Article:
Sunday, September 10, 2017

Sermon: "You're Invited!" (Matthew 22:1-14)

I want to begin by reminding you how banquets took place in the first century.
Banquets were the big social event. Everyone went to banquets. Not everyone went to the king’s banquets, of course, much less a wedding banquet that a king hosted...But everyone went to a banquet. Even those who were poor, who lived in poverty, would attend banquets and, when they could, they’d save up their money to host banquets.
And invitations were always sent out in advance. And the people who were invited were people who the host hoped to impress. If the host invites you, it’s because he hopes to impress you. Maybe he needs a favor from you. Or, maybe he doesn’t need anything right now, but knows that maintaining a good relationship with you might benefit him at some point in the future.
And you would accept the invitation for similar reasons. If the host was someone of good reputation, at the very least, perhaps some of that good reputation would rub off on you, and help you get your foot in the door somewhere.
So everyone who attended a banquet knew that their invitation was not simply due to the grace and kindness of the host. Everyone was expecting something from someone else. It was all a big social give and take. At some point, in some way, the favor would be returned.
It would be an insult to refuse an invitation. It would especially be an insult if that invitation came from the king himself. Refusing the invitation would be like saying, “you have nothing for me: nothing that I want, nothing that I could benefit from. I need nothing from you. You’re not worth my time… so I’m not coming.”
This is not the message you want to send to the king! Kings considered themselves the father of their people, the one on whom all their people depended.
You wouldn’t say to the king, “you are nothing to me, you have nothing I want, nothing I need, nothing that could help me.” You wouldn’t say that! Refusing the king’s invitation sends the message, “You’re not worth my time.” You wouldn’t do that!
Yet that’s exactly what the invited guests in this story do. The king invites them, and sends out some of his slaves to let them know when the banquet is ready, but they refuse to come.
Maybe they didn’t understand. Doubtful! But just maybe there was some confusion. Maybe the message wasn’t clear. So the king sends out another group of slaves, to say to the invited guests: “Look; everything is ready. I have prepared my dinner, my oxen and my fat calves have been slaughtered, and everything is ready. Come to the wedding banquet!”
But the invited guests joked and laughed - as if they’d really want to attend the king’s banquet! Ha! And some of them even took the king’s slaves and killed them, to show that they were insulted and offended at having received an invitation from the king; they did this to show that attending the king’s banquet would do absolutely nothing for them. Everything that the king stood for, they mocked and insulted by refusing the invitation and killing the messengers.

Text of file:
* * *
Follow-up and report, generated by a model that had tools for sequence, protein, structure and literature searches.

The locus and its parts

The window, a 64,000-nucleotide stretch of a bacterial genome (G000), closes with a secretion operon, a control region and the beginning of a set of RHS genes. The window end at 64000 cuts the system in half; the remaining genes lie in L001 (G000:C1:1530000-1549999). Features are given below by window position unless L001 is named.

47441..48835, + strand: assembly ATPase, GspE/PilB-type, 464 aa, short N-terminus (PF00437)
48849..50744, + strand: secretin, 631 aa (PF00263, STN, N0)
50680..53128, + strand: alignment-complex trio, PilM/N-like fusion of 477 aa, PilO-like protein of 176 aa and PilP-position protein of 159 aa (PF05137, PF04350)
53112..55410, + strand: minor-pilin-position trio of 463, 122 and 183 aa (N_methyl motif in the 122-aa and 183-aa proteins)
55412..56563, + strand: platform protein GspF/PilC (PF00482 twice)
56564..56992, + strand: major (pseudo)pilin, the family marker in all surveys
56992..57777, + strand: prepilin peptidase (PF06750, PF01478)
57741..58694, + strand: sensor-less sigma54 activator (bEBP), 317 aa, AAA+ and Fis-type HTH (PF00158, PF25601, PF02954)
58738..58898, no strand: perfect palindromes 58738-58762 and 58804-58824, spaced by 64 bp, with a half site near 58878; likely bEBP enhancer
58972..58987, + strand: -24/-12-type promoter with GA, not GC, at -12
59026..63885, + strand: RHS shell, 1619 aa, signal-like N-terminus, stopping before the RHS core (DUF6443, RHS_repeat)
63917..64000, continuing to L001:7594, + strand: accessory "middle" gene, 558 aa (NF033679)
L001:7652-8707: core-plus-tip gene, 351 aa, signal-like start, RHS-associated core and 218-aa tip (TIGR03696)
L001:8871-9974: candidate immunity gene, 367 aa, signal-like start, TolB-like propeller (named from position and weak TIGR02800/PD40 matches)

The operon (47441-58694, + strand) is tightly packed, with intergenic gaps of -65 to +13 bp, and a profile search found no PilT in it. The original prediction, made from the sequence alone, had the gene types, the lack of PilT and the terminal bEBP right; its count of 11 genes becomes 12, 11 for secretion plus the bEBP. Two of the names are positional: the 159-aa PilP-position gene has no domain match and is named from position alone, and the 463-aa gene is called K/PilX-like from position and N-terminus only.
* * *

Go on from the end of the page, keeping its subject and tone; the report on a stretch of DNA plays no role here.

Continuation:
So, yeah, the king was enraged!
Then the king sent other slaves to invite anyone they could find: people from the streets, people who could not possibly return the favor, people whose presence in the king’s banquet hall would be of absolutely no benefit to the king.
In other words, the king was now inviting people who could in no way earn their right to be there, people who could never pay back the king for what they were about to receive. These were people who could not buy their way in. These were people who could never return the favor. These were people who would never get invited to the king’s banquet in real life, but this isn’t a real life story; it’s a parable, and in a parable, anything can happen.
And anything can happen in the kingdom of God. The kingdom of God is an alternative kingdom, a parallel universe, existing in the very midst of the kingdoms of earth.
And in the kingdom of God, it doesn’t matter what your position is in the kingdoms of this world, whether you are rich or poor or powerful or vulnerable, whether you could return the favor or not. All are invited to the banquet party.
Including you.
Friends. Brothers and sisters. You have been invited to the party.
You are not among those who could buy their way in. There is, in fact, no one who could buy their way into this party. You are here, at the banquet, because of the host’s grace and goodness….
It’s kind of neat to think of the kingdom of God as a party. And the fact that this party is a wedding banquet thrown by the king means no expense is spared. It’s the greatest, most magnificent party the world has ever seen.
But it’s also a party with a purpose. The kingdom of God is a party with a purpose. It’s a party that changes lives. It’s a party that brings wholeness to the world.
This is the party, the banquet, to which you and I are invited. It’s a party of love and fellowship and great celebration. It’s a party of mutual service, where even the king will don a servant’s apron and will wash the feet of even the most humble, lowly person in the room.
We’re having a party, and you’re invited, but you better be ready. Our party has a purpose. Don’t be like that one guy, that one guy who showed up unprepared, that one guy who came wearing the wrong clothes. Don’t be that guy! In the Bible, in the book of Colossians, it says to clothe yourselves with compassion, kindness, humility, gentleness, and patience. In the Bible, in the book of Ephesians, it says to clothe yourself with justice and true holiness. In the Bible, in the book of Galatians, it says to clothe yourselves with Christ.